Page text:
He currently pastors a church at a remote place called Kathithi, some 18 km from home. To reach it, he phones a motor bike and he and members of the family squeeze onto it. To do this both ways is expensive for him. Now with a three month old baby as well as two young daughters, he cannot do this. He - or the church - has acquired an unfinished and unused dwelling some 15 minutes walking distance from his home. He plans to finish this and use it as a church.

 

We headed for Nairobi on Sunday afternoon and stayed overnight there before heading north to Eldoret (330km or 5 hours away at an altitude of over 2,100 metres or 6,900 feet) where the Kenyan athletes train.

 

We visited Charity, a young woman who lives in Kiambaa village known for the church that was burnt down in tribal strife after the country’s elections seven years ago. She was in the church when members of one tribe fled there for refuge. Their enemies then set fire to the crowded building. Thirty died and many were injured. She is now 28 and would like land to cultivate. An acre of farmland near her dwelling is priced at $12,000, and another half acre plot at $6,000.

 

On the following day we travelled to Turbo 32 km west of Eldoret and collected Johnstone Malinda – a retired high school teacher known to me for perhaps 12 years via STGW. His daughter Gloria is the director of a Christian school called “Treasure Academy”. I was asked to address the 98 pupils and their teachers.

 

We met up with Samuel Kibet, a pastor at a church at Kilimani village not far from Turbo. Many orphans walked from school to the hall for lunch. The Christians are providing lunch for them as many have only one meal per day. These children live with relatives rather than in an orphanage.

 

A notable feature here was the construction of a freestanding building using mud - akin to the early days in Australia with ‘wattle-and-daub’. A man stood on an improvised wooden scaffold and threw mud at the lath of woven wooden sticks.

 

By car to Nairobi, then Johannesburg by air, and another flight to Cape Town.

 

Cape Town - South Africa. On Good Friday, a conference was held at the suburb of Athlone. The community hall was attended by more than 500 brethren. Apart from the members of the Elliott family, the attendees were all coloured folk. There were two addresses before lunch and two after lunch. Two of the words were in English and two in Afrikaans. Mrs Elliott and her son-in-law sold over $500 worth of books and Bibles. Tracts are distributed free. At 83 she regularly visits the Evangelical Mission Press where tracts are printed in numerous African languages, and Bibles and Christian books are sold. She and her husband (now deceased) have run this enterprise for over 50 years.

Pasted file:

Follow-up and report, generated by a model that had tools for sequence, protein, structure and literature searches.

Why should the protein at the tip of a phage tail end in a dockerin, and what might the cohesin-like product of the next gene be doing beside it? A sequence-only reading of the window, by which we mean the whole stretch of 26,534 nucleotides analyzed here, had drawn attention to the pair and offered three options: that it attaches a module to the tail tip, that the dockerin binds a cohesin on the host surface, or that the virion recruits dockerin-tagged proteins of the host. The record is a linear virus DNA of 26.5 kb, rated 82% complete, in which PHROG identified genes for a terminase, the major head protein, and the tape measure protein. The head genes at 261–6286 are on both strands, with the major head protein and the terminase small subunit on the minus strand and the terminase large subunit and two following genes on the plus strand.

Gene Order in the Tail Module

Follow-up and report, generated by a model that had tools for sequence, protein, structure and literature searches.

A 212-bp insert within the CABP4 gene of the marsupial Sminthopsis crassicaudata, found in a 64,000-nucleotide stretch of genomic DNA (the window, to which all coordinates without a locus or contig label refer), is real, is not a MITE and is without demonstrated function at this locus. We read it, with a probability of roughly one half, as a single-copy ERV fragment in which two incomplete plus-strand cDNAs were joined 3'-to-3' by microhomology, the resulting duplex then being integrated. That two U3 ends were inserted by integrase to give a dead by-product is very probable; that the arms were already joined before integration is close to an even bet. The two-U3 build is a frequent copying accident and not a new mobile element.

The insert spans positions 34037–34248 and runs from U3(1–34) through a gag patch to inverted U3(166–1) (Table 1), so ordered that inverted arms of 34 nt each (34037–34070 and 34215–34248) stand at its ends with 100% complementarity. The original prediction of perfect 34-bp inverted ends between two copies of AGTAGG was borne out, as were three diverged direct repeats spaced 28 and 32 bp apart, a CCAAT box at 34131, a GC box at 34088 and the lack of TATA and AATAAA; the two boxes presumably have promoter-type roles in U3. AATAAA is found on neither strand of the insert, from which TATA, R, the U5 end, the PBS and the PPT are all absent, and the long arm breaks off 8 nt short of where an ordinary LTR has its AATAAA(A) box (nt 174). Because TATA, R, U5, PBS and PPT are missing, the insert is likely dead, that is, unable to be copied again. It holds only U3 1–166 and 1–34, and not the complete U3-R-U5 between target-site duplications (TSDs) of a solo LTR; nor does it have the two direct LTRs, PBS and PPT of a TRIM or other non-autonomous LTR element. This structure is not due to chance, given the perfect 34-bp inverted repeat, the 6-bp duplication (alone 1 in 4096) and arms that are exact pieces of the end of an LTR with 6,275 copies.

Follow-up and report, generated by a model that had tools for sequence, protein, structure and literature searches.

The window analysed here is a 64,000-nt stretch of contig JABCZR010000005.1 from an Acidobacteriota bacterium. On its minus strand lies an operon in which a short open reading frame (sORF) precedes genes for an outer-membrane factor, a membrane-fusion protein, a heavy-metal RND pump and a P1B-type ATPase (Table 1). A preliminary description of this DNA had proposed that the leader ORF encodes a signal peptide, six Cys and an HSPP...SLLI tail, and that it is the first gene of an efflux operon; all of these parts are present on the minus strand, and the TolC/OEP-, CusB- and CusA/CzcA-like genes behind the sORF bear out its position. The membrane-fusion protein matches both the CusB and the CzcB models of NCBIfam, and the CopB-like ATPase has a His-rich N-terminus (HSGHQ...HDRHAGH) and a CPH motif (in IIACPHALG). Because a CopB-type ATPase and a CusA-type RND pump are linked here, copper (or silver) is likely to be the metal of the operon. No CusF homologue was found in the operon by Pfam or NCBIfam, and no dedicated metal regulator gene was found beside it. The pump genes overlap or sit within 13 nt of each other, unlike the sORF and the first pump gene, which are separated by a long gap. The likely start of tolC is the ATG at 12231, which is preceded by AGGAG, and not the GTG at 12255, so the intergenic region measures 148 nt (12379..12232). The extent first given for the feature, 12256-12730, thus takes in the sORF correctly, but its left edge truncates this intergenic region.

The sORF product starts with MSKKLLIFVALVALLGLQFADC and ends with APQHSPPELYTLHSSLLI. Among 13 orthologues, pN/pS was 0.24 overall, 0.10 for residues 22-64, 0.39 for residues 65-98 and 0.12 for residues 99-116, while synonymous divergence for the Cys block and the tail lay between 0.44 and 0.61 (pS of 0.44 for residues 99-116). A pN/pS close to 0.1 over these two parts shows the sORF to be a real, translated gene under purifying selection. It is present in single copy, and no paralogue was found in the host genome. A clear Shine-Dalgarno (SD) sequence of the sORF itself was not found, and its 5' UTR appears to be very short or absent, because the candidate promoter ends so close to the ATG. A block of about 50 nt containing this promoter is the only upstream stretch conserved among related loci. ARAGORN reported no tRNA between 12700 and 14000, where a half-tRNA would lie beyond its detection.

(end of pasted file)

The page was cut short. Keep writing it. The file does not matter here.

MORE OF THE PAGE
Late on Lord’s Day I travelled to Strand with Rodney Brown who gave an address and then a gospel preaching after a meal - this in the hall used by the coloured brethren. At Strand there are two halls only about 1 km apart. One is attended by the whites and the other by coloured brethren - a carry-over from Apartheid which was disbanded officially in 1986. Both halls are quite substantial, so it is understandable that neither gathering wants to relinquish their hall.

 

On Tuesday we took a sightseeing tour of Cape Town that included a visit to the original Portuguese Castle (begun in 1650) and a trip in the cable car to the top of Table Mountain. This was followed by the prayer meeting and reading in the evening.

 

Cape Town area is neat and very attractive but security is an issue. Some houses have plates on a front wall stating that they are monitored by a security company, e.g. “ADT Security – Armed response”. Mrs Elliott’s home is further protected by a four strand electric fence atop the standard fence - this after two recent break-ins.

 

Central African Republic (CAR). This leg of the journey had to be cancelled due to the rebel forces entering the capital Bangui. The president fled to Cameroon. These armed men are not part of some disciplined army but belong to various northern warlords from Chad and Sudan that are out to get what they can. These chiefs are not known to one another – the only thing uniting them is Islam and those financing them. In all the looting, violence and murder, the local CAR Muslims are the ones not touched. The churches and properties of Christians are treated as fair game.

 

An all-African peace-keeping force is trying to maintain some kind of order. CAR was formerly part of French Equatorial Africa, so French troops are also helping, but their real mission is to protect French interests and personnel. The western media ignores the plight of the population. Neither Big Oil nor Big Finance have any interests in this, one of the poorest of the world’s nations. The pygmy conference will have to wait until some kind of order returns to that part of the country.

 

The day to day drama unfolding in the nation is the subject of separate reports.

 

Please pray for the Christians in CAR.

 

MM April 2013